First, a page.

Tom Adams (banjo) and Michael Cleveland (fiddle) got together for an evening of live music at the Ragged Edge Coffeehouse in Gettysburg, PA, for what was never intended to be a commercial release.
For the recording they used a Yamaha EMS 860 power mixer and a Sharp MD-MS722 portable minidisc recorder.
Michael Cleveland remembers …….
“Originally, we never set out to make a record. This was just a small show that Tom booked for the two of us just for fun. We were in between shows with Dale Ann Bradley and I went to Tom’s house in Pennsylvania, so we could pick and do some writing hopefully. He said that there was a small coffee house that we could play, maybe make a little money, but mostly for fun. I was all for it. It was a first in more ways than one. We had always played a few fiddle and banjo tunes during a show, but never an hour and a half show of them.
Also, the day of the show, Tom realized, we might need a sound system for this thing. So, not long before the show, we managed to find a small system and a couple of mic’s from a local church, so that is what we used. Tom recorded the show on a minidisc recorder plugged in to the board, and that is how we captured the audio. There was no rehearsal, other than us talking about and writing down some possible tunes. I’ve got to say, that was one of the most fun musical experiences that I’ve ever had!!! Nothing planned, we just played and let the music take us where it would!
Had we known that we were going to make a record, I’m positive that we would have totally over thought the whole thing. I don’t think either of us would have played as freely as we did and I think that it would have ruined it. You can tell. It’s a jam and that’s what I think is so cool about it.
We’re just playing and having fun!”
Tom Adams adds ………
“Mike and I were playing with Dale Ann Bradley. We talked about trying to write some tunes together. I picked a week where we had gigs with Dale Ann two weeks in a row, and drove Mike to our home in Gettysburg to hang out.
A couple weeks before that I contacted Jake Schindel at the Ragged Edge to see about us playing there. Mike and I made a set list and I think we ran through the vocal numbers the day before the gig. But the instrumental stuff was just wide open. We knew how the tunes were going start but had no idea how long we’d jam on them or exactly how we’d end most of them.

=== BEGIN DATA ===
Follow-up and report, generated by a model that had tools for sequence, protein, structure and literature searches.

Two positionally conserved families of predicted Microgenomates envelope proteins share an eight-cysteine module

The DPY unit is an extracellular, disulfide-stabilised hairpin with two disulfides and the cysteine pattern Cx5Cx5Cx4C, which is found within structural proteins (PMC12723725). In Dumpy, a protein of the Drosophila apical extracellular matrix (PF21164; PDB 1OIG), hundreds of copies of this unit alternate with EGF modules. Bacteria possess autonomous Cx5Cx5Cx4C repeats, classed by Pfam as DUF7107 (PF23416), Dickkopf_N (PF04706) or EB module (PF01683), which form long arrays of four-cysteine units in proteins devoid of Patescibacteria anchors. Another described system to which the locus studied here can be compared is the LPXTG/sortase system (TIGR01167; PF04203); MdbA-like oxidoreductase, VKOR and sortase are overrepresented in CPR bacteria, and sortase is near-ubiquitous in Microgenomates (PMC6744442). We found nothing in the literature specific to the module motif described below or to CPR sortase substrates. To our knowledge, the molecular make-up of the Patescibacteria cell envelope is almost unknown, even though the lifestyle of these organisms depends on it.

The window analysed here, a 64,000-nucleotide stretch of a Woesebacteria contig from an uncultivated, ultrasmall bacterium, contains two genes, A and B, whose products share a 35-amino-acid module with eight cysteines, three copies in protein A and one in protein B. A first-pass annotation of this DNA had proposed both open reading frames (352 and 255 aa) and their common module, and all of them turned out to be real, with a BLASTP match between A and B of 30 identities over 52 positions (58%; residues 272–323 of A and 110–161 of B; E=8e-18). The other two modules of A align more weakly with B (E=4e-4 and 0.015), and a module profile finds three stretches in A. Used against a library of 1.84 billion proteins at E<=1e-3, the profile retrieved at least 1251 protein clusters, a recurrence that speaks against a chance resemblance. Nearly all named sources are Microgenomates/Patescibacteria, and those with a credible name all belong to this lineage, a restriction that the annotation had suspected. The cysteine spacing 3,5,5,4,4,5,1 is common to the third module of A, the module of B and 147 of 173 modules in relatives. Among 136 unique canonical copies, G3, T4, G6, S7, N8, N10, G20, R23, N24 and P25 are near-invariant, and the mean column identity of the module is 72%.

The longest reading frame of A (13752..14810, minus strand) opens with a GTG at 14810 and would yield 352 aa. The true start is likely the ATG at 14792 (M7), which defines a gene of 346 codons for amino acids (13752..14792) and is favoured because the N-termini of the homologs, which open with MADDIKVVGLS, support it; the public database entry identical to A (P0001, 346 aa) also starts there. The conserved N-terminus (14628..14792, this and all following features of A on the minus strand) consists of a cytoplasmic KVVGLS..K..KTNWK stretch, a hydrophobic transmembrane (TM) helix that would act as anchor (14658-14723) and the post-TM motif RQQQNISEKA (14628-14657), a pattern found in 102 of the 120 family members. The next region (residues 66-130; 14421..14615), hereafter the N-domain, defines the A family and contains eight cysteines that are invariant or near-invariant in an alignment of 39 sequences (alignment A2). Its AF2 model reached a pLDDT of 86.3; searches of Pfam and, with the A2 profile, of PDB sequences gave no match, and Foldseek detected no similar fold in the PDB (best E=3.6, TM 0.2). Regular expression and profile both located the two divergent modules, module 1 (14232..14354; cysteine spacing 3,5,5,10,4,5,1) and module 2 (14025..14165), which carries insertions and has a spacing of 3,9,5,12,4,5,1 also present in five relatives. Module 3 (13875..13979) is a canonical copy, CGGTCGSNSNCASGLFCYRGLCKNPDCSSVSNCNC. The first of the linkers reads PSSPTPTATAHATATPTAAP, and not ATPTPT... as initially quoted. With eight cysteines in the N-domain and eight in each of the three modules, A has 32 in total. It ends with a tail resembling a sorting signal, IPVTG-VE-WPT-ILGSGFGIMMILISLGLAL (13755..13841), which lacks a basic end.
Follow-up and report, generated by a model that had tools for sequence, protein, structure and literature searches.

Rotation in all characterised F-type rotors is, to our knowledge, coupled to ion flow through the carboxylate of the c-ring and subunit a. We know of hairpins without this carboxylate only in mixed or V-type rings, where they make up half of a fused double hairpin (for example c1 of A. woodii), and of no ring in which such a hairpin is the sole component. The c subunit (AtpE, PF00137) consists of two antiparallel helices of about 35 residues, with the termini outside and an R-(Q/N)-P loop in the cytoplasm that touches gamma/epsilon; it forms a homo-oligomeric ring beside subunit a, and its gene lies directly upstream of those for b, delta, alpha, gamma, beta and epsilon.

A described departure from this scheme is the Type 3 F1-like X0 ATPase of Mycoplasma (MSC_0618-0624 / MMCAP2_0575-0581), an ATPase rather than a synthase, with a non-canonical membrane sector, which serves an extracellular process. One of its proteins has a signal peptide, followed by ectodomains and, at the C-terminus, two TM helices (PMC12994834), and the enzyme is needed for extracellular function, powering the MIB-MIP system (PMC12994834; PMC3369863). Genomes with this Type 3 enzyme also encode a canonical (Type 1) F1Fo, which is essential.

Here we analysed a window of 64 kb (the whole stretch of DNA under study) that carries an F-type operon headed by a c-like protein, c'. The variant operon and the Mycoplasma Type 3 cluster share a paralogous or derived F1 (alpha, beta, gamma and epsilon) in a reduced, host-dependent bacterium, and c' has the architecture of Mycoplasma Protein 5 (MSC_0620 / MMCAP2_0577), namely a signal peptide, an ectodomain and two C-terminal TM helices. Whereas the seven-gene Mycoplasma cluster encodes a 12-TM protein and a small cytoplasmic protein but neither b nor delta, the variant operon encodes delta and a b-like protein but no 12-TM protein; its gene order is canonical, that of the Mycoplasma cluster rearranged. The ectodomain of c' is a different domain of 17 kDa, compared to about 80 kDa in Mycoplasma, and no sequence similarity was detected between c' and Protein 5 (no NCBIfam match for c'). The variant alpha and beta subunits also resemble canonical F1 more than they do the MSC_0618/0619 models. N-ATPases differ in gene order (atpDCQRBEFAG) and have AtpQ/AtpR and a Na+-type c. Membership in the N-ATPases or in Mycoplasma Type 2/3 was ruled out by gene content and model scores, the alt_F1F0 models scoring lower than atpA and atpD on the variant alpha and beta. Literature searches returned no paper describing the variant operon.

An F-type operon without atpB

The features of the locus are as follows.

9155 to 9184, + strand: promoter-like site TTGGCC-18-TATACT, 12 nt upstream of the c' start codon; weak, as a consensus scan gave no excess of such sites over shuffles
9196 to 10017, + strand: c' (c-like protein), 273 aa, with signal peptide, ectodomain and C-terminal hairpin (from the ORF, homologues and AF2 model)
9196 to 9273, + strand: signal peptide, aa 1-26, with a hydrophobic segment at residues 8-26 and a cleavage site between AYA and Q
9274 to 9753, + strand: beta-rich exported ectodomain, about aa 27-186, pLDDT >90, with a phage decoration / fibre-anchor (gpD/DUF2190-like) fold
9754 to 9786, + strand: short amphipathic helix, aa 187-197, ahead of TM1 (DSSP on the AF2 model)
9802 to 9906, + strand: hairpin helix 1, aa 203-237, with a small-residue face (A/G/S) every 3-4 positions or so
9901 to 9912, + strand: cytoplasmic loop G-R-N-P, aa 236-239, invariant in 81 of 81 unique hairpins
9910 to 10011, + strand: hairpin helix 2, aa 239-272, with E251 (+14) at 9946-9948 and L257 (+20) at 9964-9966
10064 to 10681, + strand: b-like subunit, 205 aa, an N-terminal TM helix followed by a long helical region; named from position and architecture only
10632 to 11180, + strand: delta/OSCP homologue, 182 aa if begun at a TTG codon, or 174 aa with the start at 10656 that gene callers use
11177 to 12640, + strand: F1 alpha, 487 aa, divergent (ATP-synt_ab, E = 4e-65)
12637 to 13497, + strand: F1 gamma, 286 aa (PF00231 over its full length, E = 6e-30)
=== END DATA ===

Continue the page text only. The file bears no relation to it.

Mike was amazing and that night was absolutely one of the most fun times I’ve ever had playing music. We really had a dialogue going on. I hooked up my mini-disc recorder to the PA for the purpose of listening back to see if there were any cool licks happening that I might want to try to remember for building a new tune around. I don’t think we ever wrote any tunes that week, but that gig was a lot of fun. There were no plans to make a record from the mini-disc.
The Rounder album exists because of my wife Judy. My depression brought on by the focal dystonia in 2002 made me not even listen to that recording for almost two years and I even thought about erasing it. I stopped listening to anything with a banjo in it and I sure didn’t want to hear myself play.
Judy finally convinced me one night to listen to the recording and I was amazed at how it sounded. A live recording in mono with just fiddle and banjo and it sounded to me like a whole band was rocking out. Judy suggested sending two tracks to Ken Irwin at Rounder, and I think within a couple of hours Ken said he wanted to hear the whole thing and do an album.”
The CD was released in 2004.
Matt Glaser wrote, in the liner notes, this advice for listeners … “sit down and make sure that there are no flammable materials anywhere near your stereo system, because this recording captures Mike and Tom inn all their totally wild glory. It’s kind of like if Paul Warren and Earl Scruggs were cloned and genetically engineered.”
The full track listing is as follows ….
Welcome, The Fiddle and The Banjo, Dear Old Dixie, Dance Around Molly, Box Elder Beetles, Cripple Creek, Liberty, Shady Grove, Fire Ball Mail, Back Up and Push, John Hardy, Sitting On Top Of The World, North Carolina Breakdown, Ginnie Whitt’s, Whistling Rufus, Funky Mountain Special, John Henry, Ricestrow, Going Down The Road Feeling Bad, I Saw The Light / I’ll Fly Away, Little Maggie, Sally Goodin’ and Black Mountain Rag.
Mike Cleveland continues to play fiddle with his band Flamekeeper.
Tom Adams is currently teaching banjo full-time from his home near Gettysburg, Pennsylvania, both online via Skype and in his home studio.
There is a Tom Adams Banjo Workshop on Saturday, March 16, 1:00 – 3:30 pm, Gettysburg, Pennsylvania. Details can be found on his web site.
A two-time Editor of British Bluegrass News, he has been seriously interested in bluegrass music since about 1970. As well as contributing to that magazine, he has, in the past 30 plus years, had articles published by Country Music World, International Country Music News, Country Music People, Bluegrass Unlimited, MoonShiner (the Japanese bluegrass music journal) and Bluegrass Europe.
He wrote the annotated series I'm On My Way Back To Old Kentucky, a daily memorial to Bill Monroe that culminated with an acknowledgement of what would have been his 100th birthday, on September 13, 2011.
Latest posts by Richard Thompson (see all)
- Rounder founders accept Kari Estrin Founding President’s Award from Folk Alliance - May 25, 2015
- Mac Wiseman reaches 90 years of age - May 23, 2015
- Lizzy Long shares some Blueberry Pie - May 19, 2015
Category: Bluegrass recording news
If you enjoyed this article, subscribe to receive more just like it.